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October is a busy month in the fields – not only are corn and soybean harvest underway, but it’s time to plant winter small grains for next year’s harvest. Our small grains shared learning call this month therefore featured Paul Mugge and Dick Sloan, farmers who have been growing winter small grains for several years, offering their best practices for small grains planting and management to ensure a good stand and yield come spring and summer.
This is Paul Mugge’s small grain of choice. He raises variety NE4236GT organically for Albert Lea Seed on his farm in O’Brien County. He plants triticale with a no-till drill on the day after soybean harvest. “My ideal scenario is to finish planting triticale by October 10 – it doesn’t look like that’ll happen this year because it’s so wet. But last year I didn’t get it into the field until the end of October and I had a great stand because the fall was so long and warm.”
Because Paul farms organically he has big ridges in his soybeans from cultivation. So when he goes to set up his planter for triticale he adjusts some of his coulters shallower so his drill follows the contour of the ridges. He plants about 100-110 pound/acre of triticale. In his triticale seeding rate trial in 2016 he found no significant difference between an 85 lb/acre and a 135 lb/acre seeding rate, so he’s not too careful about getting a precise plant population. Triticale has a more consistent seed size than other small grains so going by lbs/acre is fairly consistent and works for his operation.
In April, Paul goes out into the field and broadcasts red clover into the triticale. “I don’t do any primary tillage on my farm so I use red clover because it winter kills,” Paul says. “The clover stays about 6 inches tall until I harvest triticale standing, like wheat. By Labor Day the clover is in full bloom. After that I clip it so that the weeds don’t go to seed, but because it bloomed I got the nitrogen fixing out of the clover.”
In Paul’s organic system, all of his nitrogen goes on before corn (i.e. after small grains) as manure and N from clover. “I am hesitant to put on manure ahead of small grains because of potential weed issues,” he says. “I get 60-70 bushel triticale as it stands without any additional fertilizer.” And that’s nothing to turn your nose up at.
Dick Sloan started growing rye for small grain seed and a “resource saving crop” in 2012. He’s been farming since 1978 in Buchanan County in northeast Iowa, and liked the idea of rye in his rotation to displace fertilizer needs.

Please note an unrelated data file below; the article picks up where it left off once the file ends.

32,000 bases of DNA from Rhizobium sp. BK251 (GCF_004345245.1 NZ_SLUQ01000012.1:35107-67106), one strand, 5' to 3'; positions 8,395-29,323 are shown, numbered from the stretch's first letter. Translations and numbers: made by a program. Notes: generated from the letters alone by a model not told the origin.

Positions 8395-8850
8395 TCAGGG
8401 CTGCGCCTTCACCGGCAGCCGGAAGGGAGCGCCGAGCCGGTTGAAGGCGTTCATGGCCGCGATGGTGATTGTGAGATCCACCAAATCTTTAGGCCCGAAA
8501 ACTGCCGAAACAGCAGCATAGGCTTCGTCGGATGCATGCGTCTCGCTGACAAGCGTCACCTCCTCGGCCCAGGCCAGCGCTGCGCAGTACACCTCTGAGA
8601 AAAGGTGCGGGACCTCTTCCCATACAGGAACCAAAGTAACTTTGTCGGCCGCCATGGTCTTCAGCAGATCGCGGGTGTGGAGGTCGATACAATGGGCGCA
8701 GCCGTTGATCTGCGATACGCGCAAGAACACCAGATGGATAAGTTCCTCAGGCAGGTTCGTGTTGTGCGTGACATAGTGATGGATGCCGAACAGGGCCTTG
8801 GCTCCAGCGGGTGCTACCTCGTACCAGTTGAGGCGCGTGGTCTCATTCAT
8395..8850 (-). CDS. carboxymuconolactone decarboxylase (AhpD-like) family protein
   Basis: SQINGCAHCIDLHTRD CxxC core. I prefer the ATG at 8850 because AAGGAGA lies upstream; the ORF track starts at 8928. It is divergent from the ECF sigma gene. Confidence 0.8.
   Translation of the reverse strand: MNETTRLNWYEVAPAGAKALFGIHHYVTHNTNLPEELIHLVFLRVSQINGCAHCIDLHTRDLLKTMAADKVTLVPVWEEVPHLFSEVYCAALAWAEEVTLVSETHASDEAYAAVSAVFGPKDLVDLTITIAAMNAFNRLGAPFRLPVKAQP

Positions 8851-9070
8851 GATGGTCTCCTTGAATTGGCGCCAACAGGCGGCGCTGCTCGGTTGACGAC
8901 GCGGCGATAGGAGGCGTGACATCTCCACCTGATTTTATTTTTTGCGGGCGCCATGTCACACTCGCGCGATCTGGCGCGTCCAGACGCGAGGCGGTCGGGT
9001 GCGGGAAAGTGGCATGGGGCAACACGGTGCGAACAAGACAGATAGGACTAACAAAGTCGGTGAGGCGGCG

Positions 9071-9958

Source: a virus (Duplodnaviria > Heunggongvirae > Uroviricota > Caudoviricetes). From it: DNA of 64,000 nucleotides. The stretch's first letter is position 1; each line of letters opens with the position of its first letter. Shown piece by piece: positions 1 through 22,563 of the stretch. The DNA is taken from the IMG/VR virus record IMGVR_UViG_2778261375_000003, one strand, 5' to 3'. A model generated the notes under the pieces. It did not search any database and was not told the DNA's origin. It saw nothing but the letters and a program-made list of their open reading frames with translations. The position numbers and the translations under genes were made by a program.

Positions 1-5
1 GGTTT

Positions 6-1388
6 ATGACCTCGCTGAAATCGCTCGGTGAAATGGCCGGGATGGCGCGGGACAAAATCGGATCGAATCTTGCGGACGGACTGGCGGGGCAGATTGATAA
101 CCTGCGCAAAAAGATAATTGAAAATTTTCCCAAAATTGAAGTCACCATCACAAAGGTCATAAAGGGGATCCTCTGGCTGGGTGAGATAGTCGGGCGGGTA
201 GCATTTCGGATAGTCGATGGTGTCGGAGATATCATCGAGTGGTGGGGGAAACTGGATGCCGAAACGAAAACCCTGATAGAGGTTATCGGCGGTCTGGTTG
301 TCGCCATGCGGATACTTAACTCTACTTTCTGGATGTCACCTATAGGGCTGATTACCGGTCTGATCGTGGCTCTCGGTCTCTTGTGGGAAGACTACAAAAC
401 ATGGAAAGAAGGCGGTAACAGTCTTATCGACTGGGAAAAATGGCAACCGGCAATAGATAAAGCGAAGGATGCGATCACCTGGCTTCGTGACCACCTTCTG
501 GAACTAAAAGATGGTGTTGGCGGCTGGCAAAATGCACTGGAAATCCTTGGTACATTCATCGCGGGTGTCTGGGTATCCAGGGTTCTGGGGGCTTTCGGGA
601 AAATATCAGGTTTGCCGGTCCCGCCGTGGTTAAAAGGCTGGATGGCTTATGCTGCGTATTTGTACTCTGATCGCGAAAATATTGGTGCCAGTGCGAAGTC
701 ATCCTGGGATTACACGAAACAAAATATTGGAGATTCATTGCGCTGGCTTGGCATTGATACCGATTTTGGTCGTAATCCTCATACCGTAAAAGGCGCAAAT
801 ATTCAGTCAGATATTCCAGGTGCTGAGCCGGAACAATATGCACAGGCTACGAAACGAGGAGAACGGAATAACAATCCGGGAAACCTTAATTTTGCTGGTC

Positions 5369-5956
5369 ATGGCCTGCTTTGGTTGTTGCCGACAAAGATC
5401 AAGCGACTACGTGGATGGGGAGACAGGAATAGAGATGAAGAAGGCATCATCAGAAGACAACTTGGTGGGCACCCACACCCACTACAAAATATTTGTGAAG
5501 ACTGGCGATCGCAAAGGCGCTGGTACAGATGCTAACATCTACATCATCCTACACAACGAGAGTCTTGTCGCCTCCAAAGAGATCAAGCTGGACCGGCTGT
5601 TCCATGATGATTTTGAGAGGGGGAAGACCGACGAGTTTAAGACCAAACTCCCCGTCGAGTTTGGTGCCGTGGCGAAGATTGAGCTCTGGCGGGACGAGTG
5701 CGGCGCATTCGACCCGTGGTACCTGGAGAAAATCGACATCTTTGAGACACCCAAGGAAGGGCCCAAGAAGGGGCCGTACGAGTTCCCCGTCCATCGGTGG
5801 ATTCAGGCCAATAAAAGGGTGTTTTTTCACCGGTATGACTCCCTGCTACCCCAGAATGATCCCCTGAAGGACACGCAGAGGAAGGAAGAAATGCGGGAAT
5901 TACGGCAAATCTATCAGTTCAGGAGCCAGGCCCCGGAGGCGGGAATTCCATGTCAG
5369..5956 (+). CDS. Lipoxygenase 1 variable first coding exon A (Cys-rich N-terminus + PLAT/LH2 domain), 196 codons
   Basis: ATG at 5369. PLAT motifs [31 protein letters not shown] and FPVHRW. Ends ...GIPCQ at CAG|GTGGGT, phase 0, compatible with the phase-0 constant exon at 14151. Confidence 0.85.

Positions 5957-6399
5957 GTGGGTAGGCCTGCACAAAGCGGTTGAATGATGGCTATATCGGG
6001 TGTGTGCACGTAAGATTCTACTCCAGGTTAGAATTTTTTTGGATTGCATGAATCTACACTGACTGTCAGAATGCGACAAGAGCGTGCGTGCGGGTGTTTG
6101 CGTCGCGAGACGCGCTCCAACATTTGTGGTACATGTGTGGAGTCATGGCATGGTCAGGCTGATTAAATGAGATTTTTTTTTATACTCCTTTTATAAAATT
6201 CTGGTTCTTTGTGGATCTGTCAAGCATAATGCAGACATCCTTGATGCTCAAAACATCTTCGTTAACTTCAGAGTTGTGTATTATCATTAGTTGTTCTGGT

Like Paul, Dick no-till drills rye right after soybeans. He selects a maturity group 2 soybean to make sure he can get into the field to plant his rye and barley in early October. He cautions farmers to pay attention to whether the combine is catching residue and dropping it off the back – these clumps of residue can prevent seed from reaching the soil and result in an uneven stand of rye (or any other small grain). Staying alert and catching problems as they happen can save you from having to go back address residue clumps over a whole field later. He sets his drill for a seed depth of ¾ to 1 ½ inches.
Dick’s goal is to establish 25-35 healthy plants per square foot – or about 1.3 million seeds per acre. With a more variable sized seed like rye and the fact that he grows his own seed so there’s no label count for seeds per pound, he goes to the trouble of counting and weighing his seed and calibrating his seed box by this count each year. With an open pollinated or VNS rye this seeding rate is usually in the neighborhood of 100 lbs per acre. A great resource on calibrating drills for small grains planting is this episode of Rotationally Raised, our small grains series on Youtube, which walks through the whole process step by step:
Through trial and error Dick has landed on a fertilizer plan of two applications – one in the fall and one in the spring. In the fall he applies 15-26-60-12 of N-P-K-S respectively, with the N coming from ammonium sulfate. Then in the spring applies a 30-20-30 mix of potash and MAP in the spring before stem elongation.
“One year I went out and planted winter barley,” Dick says. “Then I come to find out that they say you’re not supposed to plant winter barley north of a certain highway in Missouri – but I haven’t had too bad of luck with it. I’m still looking for good varieties that will overwinter more consistently, though.” Barley is the earliest small grain to harvest, a couple weeks ahead of wheat, and then a couple weeks after that rye comes out of the field.
His fertility program for the barley (and his wheat) is the same as the rye fertility program, except that he cranks up the N in the spring by 15 lbs. So his spring N application is 45 lbs instead of 30, while the P and K stay the same as the rye. This is because the barley and wheat are shorter plants that improve yield with more nitrogen without the lodging problems that the taller rye plant experiences. This is a double edged sword. Barley’s short stature makes it easy to harvest and unlikely to lodge, but you don’t get the same carbon out of it because it has so much less biomass than a rye crop would.
For more information on winter small grains see Jochum Wiersma’s winter rye presentation, Joel Ransom’s winter wheat and barley presentation and Don Halcomb’s winter wheat handout from the 2017 Rotationally Raised: Making Small Grains Work Conference. Shared learning calls are monthly opportunities for farmers to hear experts and experienced farmers and share challenges and successes with their peers who are raising small grains. If you’d like to receive details for our next shared learning call contact [email protected].